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Salt Lake City Bookkeeping Blog

[Infographic] Are You Ready for Your Company's Growth?

Posted by Austin Walker on Jun 1, 2016 8:30:00 AM

Are you, as a small business owner, ready to grow? It seems like a lot of entrepreneurs have the same aspirations, but not all of them are ready for it. Is your company ready?

What Is The Rush?

It may be pressure from external sources, such as investors, or maybe you're a salesperson at heart, and not necessarily a manager. Growth for a salesperson means more sales, but now there's a new skill you must master: implementation of operations to deliver. Working for other companies, this was probably never a issue for you. But now, company sales can't escalate nearly as fast as you'd like.

Whatever the reason, managing growth is just as important as creating it. Large companies have to manage their growth to make sure that current sales and projects can be delivered without compromising quality or their promise. If hiring can't keep up with the delivery of sales, eventually the service or product offered will lose value and growth will become negative.

Make sure that the growth of a company is handled responsibly. Any thriving company can fail just from under-delivering on their promise. Know that you're doing the right thing and that stagnant revenue is perfect for some entrepreneurs. Just listen to yourself.

Ready to Hire?

Is there enough cash in the bank to make sure that your new hire is going to get paid? Monday is a quiet, lonely place for a small business owner who was not able to make payroll.

However, there are a lot of benefits to hiring. Delegating tasks frees you up to make sure you can accomplish what the business demands or allows you to network and create more sales. 

Are you ready to give up a little bit of your control of the operations?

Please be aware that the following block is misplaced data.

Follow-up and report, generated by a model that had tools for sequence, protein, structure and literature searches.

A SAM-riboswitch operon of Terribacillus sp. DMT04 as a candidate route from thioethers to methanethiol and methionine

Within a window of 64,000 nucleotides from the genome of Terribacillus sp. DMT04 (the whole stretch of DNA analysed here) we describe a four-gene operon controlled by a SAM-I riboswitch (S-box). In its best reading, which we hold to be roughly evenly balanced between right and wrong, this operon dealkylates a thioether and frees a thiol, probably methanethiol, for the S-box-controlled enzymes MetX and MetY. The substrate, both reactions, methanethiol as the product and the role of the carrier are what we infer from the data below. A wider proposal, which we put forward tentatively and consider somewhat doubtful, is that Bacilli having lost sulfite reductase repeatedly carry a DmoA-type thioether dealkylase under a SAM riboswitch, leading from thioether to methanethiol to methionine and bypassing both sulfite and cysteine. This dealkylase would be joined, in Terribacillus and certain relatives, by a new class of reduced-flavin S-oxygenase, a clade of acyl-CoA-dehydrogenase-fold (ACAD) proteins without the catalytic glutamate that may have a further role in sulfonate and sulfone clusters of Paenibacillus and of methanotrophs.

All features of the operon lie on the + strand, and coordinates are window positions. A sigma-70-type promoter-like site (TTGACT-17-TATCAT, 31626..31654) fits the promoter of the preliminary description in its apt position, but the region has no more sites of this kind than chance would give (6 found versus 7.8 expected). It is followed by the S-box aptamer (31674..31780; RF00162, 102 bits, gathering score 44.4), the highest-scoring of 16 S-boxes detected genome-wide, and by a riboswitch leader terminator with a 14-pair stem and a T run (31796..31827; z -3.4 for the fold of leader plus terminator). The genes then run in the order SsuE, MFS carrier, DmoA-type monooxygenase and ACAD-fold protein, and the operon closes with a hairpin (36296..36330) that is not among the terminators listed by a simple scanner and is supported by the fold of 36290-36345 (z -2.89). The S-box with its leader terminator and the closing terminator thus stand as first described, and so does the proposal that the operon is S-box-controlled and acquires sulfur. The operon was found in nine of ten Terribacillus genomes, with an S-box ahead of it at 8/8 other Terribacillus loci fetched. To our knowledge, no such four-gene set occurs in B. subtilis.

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Topics: Small Business, Entrepreneurship, Growth

[Infographic] Growth Through Financials

Posted by Austin Walker on Jan 13, 2016 9:45:57 AM

Growing a small business can be one of the biggest dreams of any owner or entrepreneur. It doesn't come easily, though, without some proper practices that help to increase the success of the business growth. For instance, company owners may want to look at making sure that the model they have is scaleable. If the model is not scaleable, the increase in clients and business could actually hurt them more than help. The growth process has to be managed in such a way that looks at how to scale the business responsibly, how to make marketing and sales dollars effective, analyzing financial reports, and making adjustments based on those results.

The actual cost can be different among all businesses, even if they are in the same industry. To get a better grip on how much it's going to take to get marketing and sales on the same page, Brad Sugars, a contributor on Entrepreneur.com, conveniently gives us the formula to calculate a customer's lifetime value. With the lifetime value, we have a better idea of how much target customers can be worth to the company, and how much money can be spent to acquire new ones. For most companies, it is about 5-6 times more expensive to acquire a new customer, when compared to growing revenue from clients who are already paying.

A tactic that is common but can be foolish is giving the marketing department a cut of last year's revenue. If a company is growing, it can be expected that the marketing budget amount should at least mirror the amount a company is  planning to grow. For example, if the business would like to grow an additional 12% next year, on top of the 5% of revenue that marketing is currently receiving, the budget should be increased to match the 12%.

A marketing expert can be utilized to understand how much money should be invested in your growth, and can also help plan for where that money is going to go and what should be accomplished.

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Topics: Financial Forecasting, Small Business Coach, Growth